Contrary to this there’s: “use Facebook to log in and sign the supply chain.” This just doesn’t sound right to us. The signatures one uses for Software Supply Chain security should be, well, secure.
✅ Formally verified multisignature wallet — DONE
✅ Negligibly cheap hardware keystore — DONE
The truth is that blockchain makes for a controversial topic. Post to any forum about blockchain (save the ones catering to those holding crypto-currency) and you will find a very flammable mix of views. One group feels it is the answer to everything, the other feels it’s no more than a Ponzi scheme. Those in the middle are typically undecided and often drowned out.
We agree. The blockchain is inundated with controversy. And, though much of it is unfounded, some of it does ring true. As a result of this, we believe it important to try and look at it in a sober way.
Blockchain may not be the answer to everything, but we are making the case here that blockchain is the best solution to securing the Software Supply Chain. And if a solution works, we ask that people not be so quick to dismiss it simply because it is controversial.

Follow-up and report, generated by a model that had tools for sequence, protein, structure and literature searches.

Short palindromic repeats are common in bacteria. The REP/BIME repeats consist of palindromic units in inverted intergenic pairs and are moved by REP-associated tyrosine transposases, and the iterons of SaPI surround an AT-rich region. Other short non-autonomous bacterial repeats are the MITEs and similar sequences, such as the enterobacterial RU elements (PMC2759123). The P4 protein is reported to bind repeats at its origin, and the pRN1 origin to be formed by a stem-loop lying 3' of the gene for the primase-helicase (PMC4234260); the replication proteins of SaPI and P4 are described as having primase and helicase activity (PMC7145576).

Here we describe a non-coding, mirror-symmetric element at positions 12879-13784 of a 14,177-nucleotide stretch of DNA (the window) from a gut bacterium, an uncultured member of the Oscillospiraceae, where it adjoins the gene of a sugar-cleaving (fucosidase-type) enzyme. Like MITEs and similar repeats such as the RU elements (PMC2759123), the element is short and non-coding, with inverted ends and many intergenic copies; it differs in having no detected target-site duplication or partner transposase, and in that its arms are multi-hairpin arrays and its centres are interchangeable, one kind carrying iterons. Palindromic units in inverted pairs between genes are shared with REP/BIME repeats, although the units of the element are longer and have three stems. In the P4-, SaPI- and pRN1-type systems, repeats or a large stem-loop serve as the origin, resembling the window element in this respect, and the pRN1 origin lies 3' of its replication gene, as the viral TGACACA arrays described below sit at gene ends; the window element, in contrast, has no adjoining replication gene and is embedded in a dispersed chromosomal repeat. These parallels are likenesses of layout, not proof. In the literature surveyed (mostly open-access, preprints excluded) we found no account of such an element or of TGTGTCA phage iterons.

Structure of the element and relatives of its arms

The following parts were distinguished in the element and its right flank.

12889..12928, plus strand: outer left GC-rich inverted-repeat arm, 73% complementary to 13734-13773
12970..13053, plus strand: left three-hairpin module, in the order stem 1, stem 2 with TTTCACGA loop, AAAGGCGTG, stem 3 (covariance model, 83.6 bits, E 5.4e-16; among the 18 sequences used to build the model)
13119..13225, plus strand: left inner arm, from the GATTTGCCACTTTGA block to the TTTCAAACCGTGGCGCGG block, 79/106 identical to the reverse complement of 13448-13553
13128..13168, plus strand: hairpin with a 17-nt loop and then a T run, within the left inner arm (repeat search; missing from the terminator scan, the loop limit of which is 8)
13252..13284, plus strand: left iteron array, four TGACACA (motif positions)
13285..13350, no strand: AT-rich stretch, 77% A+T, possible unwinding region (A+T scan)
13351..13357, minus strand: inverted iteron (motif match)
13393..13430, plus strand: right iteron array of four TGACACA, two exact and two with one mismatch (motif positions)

The truth is we would have been in a ‘prototype’ stage for a lot longer if using blockchain, while we gained the confidence to have sigstore run in production.
As we have said, production readiness is all down to the expertise of a particular team, and not to the technology itself. Seeing as blockchain technology is a mature one by now, a team with years of experience in developing it, debugging it, and adapting it to different tasks should naturally be able to achieve production readiness sooner. GOSH has an additional advantage: it is an evolution of what is already the most scalable blockchain architecture in history, Everscale.
The underlying architecture of Everscale had to be adapted for the specific purpose of storing git on-chain. Meaning GOSH is the only blockchain capable of storing git on-chain, with potentially hundreds of millions of objects in repositories.